Next Sunday, January 9, millions are expected to join in the re-enactment of “Traslacion,” or the transfer of the image of the Black Nazarene from Luneta (the old Bagumbayan) to Quiapo in 1787.
In a letter sent to Msgr. Jose Clemente Ignacio, Parish Priest and Rector of the Minor Basilica of the Black Nazarene in Quiapo, the EcoWaste Coalition pleaded for a garbage-free celebration befitting the solemn occasion.
“We appeal to you and all the devotees of the Nuestro Padre Hesus Nazareno to unite in ensuring that the splendid affirmation of our Christian faith will also mirror our shared mission of caring for the environment,” wrote Roy Alvarez, president of the waste and pollution watchdog.
“We hope this year’s ‘Traslacion’ will see the devotees from Metro Manila and afar fulfilling their spiritual vows in a way that will not aggravate the waste and sanitation problems in the Quiapo district,” he stated.
“Please take personal responsibility for your discards,” he told the devotees. “With your help, we can turn the tide of garbage that has been spoiling this great communion of the faithful.”
To remind the devotees to care for Mother Earth as God does, the EcoWaste Coalition in cooperation with local barangay leaders will hang banners near and around Plaza Miranda asking the public to prevent and reduce fiesta garbage.
The past celebrations of “Traslacion,” observed the EcoWaste Coalition, have been blighted by massive wastefulness that has nothing to do with our people’s longstanding piety towards the Black Nazarene.
“We have seen streets traversed by the grand procession carpeted with various trash as if national and city laws against littering do not matter during the mammoth religious event,” Alvarez lamented.
“The massive littering tarnishes our devoutness to the Black Nazarene that many of us beg for deliverance from life’s problems, including ailments that could have come from a polluted environment,” he continued.
A cleaner and safer “Traslacion,” the EcoWaste Coalition pointed out, fits well the theme of this year’s celebration: “Yapak ng Poong Nazareno, Yakap ng Sambayanan sa Pagbabagong Buhay.”
“Our devotion to the Black Nazarene requires care and respect for His Creation,” Alvarez said.
“It also matches the bishops’ call for ecological stewardship and conversion,” he added.
The Catholic Bishops’ Conference of the Philippines issued in 2008 a pastoral letter on ecology entitled “Uphold the Sanctity of Life”, which, among others, urged the faithful “to protect creation” and “to eliminate wasteful consumption.”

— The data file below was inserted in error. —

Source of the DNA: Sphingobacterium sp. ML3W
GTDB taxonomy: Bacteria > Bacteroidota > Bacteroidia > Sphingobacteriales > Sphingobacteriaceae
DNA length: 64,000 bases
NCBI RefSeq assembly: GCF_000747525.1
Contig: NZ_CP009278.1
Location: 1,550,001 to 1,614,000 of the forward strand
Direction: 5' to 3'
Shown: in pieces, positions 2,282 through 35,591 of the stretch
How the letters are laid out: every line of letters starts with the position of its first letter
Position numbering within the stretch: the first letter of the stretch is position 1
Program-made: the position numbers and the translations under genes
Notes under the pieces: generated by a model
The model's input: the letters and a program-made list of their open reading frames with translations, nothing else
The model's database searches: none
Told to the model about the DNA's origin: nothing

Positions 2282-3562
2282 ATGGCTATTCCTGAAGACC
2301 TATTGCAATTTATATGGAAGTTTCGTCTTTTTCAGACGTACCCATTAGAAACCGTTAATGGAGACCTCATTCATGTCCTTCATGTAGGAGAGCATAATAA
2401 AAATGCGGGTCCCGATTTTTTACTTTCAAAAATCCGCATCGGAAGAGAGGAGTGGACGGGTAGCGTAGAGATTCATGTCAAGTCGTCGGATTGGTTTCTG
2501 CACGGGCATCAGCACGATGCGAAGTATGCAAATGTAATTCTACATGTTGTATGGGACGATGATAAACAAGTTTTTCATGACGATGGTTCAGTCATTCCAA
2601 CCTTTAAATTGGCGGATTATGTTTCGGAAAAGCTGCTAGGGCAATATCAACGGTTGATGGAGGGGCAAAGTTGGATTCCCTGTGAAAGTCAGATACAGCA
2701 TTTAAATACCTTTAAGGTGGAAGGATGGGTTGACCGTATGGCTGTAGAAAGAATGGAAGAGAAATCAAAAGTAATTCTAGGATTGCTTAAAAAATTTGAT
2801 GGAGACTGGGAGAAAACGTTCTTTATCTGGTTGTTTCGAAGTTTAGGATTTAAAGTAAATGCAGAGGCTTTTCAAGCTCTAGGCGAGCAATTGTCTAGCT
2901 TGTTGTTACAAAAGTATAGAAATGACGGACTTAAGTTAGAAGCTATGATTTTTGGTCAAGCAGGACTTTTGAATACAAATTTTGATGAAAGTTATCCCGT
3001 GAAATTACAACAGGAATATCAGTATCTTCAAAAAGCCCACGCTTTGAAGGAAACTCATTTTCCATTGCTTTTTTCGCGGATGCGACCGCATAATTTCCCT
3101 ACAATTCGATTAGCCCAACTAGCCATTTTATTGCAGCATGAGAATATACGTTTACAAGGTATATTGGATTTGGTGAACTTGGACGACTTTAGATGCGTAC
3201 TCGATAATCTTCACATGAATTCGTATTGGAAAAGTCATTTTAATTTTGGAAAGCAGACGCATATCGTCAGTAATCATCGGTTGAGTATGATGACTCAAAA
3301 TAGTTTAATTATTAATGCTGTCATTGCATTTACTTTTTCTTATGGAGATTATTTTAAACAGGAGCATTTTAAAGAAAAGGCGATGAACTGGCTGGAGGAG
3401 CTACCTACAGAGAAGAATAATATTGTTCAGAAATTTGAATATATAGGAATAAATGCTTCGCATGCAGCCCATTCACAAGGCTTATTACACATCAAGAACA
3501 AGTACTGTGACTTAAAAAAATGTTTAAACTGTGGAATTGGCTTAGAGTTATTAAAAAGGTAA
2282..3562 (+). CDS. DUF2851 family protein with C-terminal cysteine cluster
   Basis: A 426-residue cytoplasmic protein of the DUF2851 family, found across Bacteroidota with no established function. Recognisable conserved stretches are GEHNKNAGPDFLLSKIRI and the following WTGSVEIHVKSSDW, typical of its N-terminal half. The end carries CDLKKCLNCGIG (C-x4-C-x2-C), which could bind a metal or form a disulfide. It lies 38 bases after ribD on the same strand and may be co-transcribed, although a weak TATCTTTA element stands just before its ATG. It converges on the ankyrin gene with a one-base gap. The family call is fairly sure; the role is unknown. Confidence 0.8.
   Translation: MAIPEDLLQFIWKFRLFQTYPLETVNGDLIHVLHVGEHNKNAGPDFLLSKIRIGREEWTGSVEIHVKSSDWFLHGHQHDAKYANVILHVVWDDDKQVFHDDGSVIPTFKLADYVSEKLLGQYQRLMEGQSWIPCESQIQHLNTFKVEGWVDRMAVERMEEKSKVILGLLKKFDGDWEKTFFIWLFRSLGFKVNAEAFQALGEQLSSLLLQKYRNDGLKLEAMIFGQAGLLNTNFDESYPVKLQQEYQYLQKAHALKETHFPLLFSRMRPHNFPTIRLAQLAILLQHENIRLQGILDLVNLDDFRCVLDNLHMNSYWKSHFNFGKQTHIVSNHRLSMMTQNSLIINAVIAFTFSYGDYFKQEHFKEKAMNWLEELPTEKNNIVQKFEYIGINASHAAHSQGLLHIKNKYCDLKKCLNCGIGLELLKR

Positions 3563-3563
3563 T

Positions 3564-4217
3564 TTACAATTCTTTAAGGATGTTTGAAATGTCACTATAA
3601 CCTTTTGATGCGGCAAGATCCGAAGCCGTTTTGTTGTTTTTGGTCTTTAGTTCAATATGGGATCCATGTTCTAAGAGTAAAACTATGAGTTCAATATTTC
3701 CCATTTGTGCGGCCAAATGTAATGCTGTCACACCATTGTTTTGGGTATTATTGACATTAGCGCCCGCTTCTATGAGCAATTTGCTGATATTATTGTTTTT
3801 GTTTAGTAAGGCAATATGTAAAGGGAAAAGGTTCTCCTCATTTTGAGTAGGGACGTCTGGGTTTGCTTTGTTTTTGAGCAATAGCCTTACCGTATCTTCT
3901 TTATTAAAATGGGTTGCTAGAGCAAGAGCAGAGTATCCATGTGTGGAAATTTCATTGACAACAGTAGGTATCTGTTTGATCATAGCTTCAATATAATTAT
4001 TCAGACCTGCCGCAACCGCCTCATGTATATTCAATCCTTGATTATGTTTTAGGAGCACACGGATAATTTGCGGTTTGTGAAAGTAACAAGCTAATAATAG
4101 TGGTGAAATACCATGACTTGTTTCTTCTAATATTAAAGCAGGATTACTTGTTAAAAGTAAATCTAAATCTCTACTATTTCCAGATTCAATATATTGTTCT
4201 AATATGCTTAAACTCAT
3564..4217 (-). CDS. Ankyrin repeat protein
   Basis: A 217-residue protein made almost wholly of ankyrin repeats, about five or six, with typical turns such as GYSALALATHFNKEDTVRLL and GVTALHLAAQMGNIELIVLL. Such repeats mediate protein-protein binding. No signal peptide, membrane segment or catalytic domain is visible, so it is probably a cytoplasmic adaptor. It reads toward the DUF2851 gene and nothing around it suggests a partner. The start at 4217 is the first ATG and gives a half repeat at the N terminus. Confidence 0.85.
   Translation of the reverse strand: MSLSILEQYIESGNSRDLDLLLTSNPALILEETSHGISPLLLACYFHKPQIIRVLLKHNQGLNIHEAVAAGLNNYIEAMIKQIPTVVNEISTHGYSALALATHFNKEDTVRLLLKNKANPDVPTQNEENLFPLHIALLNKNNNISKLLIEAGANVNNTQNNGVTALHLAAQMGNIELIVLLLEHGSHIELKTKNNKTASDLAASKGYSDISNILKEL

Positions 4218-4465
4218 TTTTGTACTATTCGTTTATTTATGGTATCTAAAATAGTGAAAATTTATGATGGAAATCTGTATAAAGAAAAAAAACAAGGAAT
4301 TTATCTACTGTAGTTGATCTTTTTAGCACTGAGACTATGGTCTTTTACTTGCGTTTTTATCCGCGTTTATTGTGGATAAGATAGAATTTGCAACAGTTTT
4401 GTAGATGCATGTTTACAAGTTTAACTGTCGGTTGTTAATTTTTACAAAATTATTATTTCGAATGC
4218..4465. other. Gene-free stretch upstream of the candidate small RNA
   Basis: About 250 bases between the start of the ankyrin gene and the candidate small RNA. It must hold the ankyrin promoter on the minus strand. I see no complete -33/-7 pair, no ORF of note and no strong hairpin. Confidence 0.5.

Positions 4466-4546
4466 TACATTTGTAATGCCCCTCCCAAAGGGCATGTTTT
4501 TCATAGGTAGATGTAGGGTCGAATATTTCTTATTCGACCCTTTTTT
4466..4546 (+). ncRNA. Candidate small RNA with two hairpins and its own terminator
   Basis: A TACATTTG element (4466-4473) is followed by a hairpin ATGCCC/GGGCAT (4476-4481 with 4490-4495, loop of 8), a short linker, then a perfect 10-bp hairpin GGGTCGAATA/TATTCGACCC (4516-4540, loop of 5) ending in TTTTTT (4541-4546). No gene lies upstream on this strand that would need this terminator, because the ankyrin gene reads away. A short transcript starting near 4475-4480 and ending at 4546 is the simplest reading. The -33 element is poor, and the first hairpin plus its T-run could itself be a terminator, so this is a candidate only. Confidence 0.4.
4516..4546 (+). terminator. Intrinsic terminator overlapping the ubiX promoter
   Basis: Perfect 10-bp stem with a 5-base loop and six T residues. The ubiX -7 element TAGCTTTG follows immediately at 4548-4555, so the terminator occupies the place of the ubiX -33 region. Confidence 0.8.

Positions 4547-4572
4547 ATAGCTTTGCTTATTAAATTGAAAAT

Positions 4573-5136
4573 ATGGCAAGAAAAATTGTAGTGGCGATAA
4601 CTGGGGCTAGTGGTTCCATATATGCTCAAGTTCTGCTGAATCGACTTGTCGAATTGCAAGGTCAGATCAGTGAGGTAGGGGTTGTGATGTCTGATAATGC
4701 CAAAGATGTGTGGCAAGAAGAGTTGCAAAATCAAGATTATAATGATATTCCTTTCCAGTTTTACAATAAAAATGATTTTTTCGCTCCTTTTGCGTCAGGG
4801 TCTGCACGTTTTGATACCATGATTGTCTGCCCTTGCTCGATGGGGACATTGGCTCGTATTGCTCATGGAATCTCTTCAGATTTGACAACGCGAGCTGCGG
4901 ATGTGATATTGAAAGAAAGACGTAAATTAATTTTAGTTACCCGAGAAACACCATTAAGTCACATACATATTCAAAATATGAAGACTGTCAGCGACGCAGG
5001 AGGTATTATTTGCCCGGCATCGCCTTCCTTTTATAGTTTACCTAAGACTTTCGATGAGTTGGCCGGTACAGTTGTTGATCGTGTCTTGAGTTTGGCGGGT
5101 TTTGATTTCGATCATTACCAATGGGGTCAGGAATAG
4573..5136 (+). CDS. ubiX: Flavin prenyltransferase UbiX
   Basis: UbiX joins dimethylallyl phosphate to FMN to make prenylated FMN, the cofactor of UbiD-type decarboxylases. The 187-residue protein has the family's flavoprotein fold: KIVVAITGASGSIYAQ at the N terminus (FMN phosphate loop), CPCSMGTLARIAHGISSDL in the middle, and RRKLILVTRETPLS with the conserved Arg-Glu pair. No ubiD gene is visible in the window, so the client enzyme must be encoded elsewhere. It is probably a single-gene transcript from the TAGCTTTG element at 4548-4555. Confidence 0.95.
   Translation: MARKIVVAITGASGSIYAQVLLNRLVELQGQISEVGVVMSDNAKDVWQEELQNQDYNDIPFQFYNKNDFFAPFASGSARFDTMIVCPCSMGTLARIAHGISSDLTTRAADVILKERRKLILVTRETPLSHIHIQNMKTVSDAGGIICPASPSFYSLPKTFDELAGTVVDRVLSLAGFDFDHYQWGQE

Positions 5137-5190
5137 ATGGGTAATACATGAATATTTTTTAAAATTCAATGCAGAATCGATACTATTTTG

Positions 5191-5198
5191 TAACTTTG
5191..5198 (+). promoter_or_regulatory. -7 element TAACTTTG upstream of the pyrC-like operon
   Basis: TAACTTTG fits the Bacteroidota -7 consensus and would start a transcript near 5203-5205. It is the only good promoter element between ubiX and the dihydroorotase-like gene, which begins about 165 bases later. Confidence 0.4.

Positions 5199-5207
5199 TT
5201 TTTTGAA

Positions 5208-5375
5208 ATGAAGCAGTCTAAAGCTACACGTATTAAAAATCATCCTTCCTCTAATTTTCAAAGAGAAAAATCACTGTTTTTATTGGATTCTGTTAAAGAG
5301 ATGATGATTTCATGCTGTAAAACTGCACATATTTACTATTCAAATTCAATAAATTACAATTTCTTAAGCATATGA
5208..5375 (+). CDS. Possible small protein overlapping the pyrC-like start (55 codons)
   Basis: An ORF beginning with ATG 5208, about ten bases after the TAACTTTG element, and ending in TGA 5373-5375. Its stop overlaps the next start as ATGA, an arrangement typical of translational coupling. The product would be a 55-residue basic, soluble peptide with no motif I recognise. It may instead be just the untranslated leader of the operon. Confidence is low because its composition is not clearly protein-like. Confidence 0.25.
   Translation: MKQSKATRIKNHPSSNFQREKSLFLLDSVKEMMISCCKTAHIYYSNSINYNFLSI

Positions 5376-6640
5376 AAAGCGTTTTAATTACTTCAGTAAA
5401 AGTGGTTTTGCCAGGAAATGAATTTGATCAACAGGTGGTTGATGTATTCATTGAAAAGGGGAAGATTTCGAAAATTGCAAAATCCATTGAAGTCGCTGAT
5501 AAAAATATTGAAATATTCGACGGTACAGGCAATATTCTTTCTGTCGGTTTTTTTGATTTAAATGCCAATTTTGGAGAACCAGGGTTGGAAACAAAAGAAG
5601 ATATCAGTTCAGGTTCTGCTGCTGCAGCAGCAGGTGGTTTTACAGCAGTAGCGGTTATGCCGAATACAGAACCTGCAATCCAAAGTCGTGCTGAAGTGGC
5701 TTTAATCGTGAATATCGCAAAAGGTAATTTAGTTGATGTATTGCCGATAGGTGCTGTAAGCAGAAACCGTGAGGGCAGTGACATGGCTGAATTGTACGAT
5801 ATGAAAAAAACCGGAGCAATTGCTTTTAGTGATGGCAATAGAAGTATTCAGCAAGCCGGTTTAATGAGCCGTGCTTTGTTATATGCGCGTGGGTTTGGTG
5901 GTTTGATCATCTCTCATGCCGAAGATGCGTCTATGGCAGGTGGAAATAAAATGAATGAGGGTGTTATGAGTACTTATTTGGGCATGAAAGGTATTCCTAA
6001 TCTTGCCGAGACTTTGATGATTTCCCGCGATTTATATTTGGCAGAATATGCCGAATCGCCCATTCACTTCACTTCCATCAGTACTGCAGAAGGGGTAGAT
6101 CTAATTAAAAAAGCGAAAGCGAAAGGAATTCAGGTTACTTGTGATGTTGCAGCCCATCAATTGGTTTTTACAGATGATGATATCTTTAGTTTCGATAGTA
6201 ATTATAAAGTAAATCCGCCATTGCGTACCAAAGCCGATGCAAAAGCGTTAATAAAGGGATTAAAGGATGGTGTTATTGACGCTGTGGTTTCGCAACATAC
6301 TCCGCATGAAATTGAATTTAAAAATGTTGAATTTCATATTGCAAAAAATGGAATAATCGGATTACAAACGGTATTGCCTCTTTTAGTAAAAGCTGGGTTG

For improved waste and sanitation management, the EcoWaste Coalition urged the devotees to observe the following reminders:
1. Refrain from smoking, or better still quit for keeps, to avoid butt litter and serious tobacco-related diseases that kill 10 Filipinos every hour. You also protect other people from getting sick by not exposing them to toxins from secondhand smoke.
2. If you smoke, please don’t toss butts on the ground. Cigarette filters are non-biodegradable and they contain toxic chemicals that can leach into the environment.
3. If you chew gum, do put it in a bin after you’re done with it. If there is no bin close by, put the spent chewing gum back into the wrapper and wait until you see a bin. Don’t let barefoot devotees step on your chewing gum waste.
4. Please don’t spit on walls, sidewalks and streets. Spitting in public presents a serious health risk, especially to children who are more prone to disease-causing germs and bacteria.
5. Please do not urinate on the street. Urinating in public is unhygienic and poses social, health and environmental problems.
6. Return used food and beverage containers to the vendors and do not litter them anywhere. The plastic bag for the thirst-quenching “palamig,” for example, can clog the storm drains and later cause flooding in Quiapo.
7. Give back to the vendors used bamboo skewers for barbecue, grilled corn-on-the-cob, fried banana, fishball and kikiam as devotees can accidentally step on thoughtlessly thrown sticks and cause foot injuries.
8. Put your discards into the designated bins. Quiapo (and the whole country for that matter) is NOT a dumpsite. Let us keep the shrine of the Black Nazarene, including the route of the procession, litter-free.
9. If you are planning to bring home something for the kids, reduce plastic waste by bringing a reusable carry bag with you for the fruits, “kakanin” and other “pasalubong” that are plentiful in Quiapo.